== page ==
Which is also very true. Remember what the goal was in terrify us into war with Iraq. We went anyway, of course...but what other concessions would Bush/Cheney have gotten if they had established they were willing to use the military to detain "suspected terrorists" inside the US?

I'll go one step further. What would have stopped them from deploying troops in major Democratic Party urban centers in November 2002, less than two months after the anniversary of 9/11 to "protect our high-value target election precincts from terrorists?" If you were a minority voter in New York or Washington D.C. or L.A. or Chicago, are you really going to go into a platoon of Army soldiers or Marines and security checkpoints and all that just to vote? (Mysteriously, these overtly armed soldiers and security checkpoints would be missing from more rural Red precincts.)

How many fewer urban votes would that have caused in 2002? And of course, the public would demand that kind of safety in 2004 again too...and 2006...and about the ultimate in voter supression.

No, Cheney knew exactly what he was doing. Bush said no at the time, so Cheney relied on other methods to get us into Iraq. It could have been much worse. You see now why we have to fully investigate all the leftover garbage Bush left behind? The Warren Terrah was almost a shooting war on our soil, and the shooting was going to be done against American citizens by the American military.

[UPDATE 10:00 AM] Steven D at the Frog Pond adds:
So, because of the media drumbeat about the dangers of these minor and frankly insignificant members of an upstate New York Yemeni community, Cheney and others tried to bamboozle Bush and the rest of the country into authorizing something that no President had done since the Civil War -- use US soldiers to capture "enemy combatants" on US soil. Lincoln might be forgiven that excess, considering the South was in open rebellion and fielded armies in the field capable of invading the Northern states (which they did on several occasions). Cheney on the other hand saw these inept young men as an excuse to eliminate the Fourth Amendment whenever the President deemed it necessary. Spying on US citizens using the resources of the NSA to sweep up information on our financial, medical and online transactions and communications wasn't enough for this Dick. Truly, this was an attempt at an executive branch power grab of monumental proportions.

Good thing Cheney never sent his CIA "death squads" after Bush. Imagine what a President Cheney would have done had he not been hindered by such a lazy faux cowboy like Dubya?

Indeed. How close did we come back then to a functional coup led by dysfunctional assholes?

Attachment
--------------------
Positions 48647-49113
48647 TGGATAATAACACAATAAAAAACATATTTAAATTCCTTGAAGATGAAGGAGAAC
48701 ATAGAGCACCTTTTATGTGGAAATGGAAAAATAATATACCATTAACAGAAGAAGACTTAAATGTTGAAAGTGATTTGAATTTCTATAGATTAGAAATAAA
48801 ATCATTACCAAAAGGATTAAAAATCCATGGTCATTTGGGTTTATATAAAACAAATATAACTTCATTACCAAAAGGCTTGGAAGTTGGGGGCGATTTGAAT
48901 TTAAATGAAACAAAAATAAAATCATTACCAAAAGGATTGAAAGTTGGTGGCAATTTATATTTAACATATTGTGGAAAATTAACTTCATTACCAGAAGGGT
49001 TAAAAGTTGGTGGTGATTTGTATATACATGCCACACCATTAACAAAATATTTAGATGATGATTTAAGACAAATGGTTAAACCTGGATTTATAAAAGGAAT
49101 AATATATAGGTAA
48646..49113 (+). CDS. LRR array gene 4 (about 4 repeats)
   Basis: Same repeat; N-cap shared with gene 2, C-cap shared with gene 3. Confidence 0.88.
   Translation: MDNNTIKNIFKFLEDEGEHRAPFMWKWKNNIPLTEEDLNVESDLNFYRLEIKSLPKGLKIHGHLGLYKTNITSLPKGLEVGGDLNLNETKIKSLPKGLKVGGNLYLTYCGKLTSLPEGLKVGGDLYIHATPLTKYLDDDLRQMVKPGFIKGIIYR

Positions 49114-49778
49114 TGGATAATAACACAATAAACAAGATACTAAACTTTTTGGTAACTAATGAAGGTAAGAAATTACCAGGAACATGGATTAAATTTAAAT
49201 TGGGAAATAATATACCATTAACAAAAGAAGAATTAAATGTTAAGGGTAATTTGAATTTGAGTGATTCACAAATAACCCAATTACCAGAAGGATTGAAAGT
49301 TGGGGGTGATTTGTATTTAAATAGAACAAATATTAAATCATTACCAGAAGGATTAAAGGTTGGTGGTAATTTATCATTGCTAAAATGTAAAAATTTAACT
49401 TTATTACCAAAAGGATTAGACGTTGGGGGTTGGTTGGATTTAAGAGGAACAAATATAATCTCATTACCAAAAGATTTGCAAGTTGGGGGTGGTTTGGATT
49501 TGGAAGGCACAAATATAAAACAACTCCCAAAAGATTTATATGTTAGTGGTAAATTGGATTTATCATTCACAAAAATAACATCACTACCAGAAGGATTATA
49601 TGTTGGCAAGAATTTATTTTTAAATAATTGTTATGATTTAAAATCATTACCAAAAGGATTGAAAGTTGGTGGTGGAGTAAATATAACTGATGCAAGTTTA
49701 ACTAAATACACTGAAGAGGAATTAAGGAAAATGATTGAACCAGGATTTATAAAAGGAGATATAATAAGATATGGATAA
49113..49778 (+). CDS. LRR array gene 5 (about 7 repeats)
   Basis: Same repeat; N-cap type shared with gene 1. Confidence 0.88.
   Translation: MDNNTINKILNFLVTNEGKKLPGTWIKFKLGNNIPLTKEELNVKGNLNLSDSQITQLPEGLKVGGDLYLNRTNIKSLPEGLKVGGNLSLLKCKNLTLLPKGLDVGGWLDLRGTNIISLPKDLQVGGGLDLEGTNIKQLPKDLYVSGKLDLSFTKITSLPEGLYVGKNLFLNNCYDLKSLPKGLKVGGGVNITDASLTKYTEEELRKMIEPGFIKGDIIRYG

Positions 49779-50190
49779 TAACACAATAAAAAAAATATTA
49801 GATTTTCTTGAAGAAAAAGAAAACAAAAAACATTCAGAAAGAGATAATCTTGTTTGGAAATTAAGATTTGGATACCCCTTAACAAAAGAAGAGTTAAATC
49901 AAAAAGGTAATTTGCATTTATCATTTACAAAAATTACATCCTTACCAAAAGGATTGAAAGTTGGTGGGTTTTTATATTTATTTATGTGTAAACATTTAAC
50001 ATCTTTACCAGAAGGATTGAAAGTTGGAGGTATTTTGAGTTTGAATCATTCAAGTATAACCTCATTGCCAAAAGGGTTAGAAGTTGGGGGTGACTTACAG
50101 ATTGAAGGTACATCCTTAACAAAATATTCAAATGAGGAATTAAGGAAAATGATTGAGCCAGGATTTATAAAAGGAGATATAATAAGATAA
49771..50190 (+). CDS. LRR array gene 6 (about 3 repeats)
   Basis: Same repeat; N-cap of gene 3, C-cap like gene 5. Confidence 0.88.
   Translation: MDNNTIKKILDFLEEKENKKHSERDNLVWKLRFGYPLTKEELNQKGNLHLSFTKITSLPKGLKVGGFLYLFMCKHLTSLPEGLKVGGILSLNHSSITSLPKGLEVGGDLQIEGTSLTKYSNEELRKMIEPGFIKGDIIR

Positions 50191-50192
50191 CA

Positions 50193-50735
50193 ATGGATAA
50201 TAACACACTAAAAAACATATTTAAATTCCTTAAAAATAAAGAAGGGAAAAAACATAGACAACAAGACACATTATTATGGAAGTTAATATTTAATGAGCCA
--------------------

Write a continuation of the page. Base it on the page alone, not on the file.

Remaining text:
[UPDATE 1:11 PM] The Double G weighs in on just how horrific that John Yoo memo was from a legal and Constitutional standpoint.
[I]n 2002, Dick Cheney and David Addington urged that U.S. military troops be used to arrest and detain American citizens, inside the U.S., who were suspected of involvement with Al Qaeda. That was done pursuant to a previously released DOJ memo (.pdf) authored by John Yoo and Robert Delahunty, addressed to Alberto Gonzales, dated October 23, 2001, and chillingly entitled "Authority for Use of Military Force to Combat Terrorist Activities Within the U.S." That Memo had concluded that the President had authority to deploy the U.S. military against American citizens on U.S. soil. Far worse, it asserted that in exercising that power, the President could not be bound either by Congressional statutes prohibiting such use (such as the Posse Comitatus Act) or even by the Constitution's Fourth Amendment, which -- the Memo concluded -- was "inapplicable" to what it called "domestic military operations."

Though it received very little press attention, it is not hyperbole to observe that this October 23 Memo was one of the most significant events in American politics in the last several decades, because it explicitly declared the U.S. Constitution -- the Bill of Rights -- inoperative inside the U.S., as applied to U.S. citizens. Just read what it said in arguing that neither the Fourth Amendment -- nor even the First Amendment -- can constrain what the President can do when overseeing "domestic military operations" (I wrote about that Memo when it was released last March and excerpted the most revealing and tyrannical portions: here).
It was a bold and frightening step towards military rule of the country, prevented only by an apparent failure of will to stomach proceeding to the logical endpoint of the Memo's assumptions on the plenary executive. Bush wouldn't cooperate, and Cheney wasn't going to go all the way.

I guess he got cold feet. There but for the grace of God goes our Republic...what's left of it, anyway.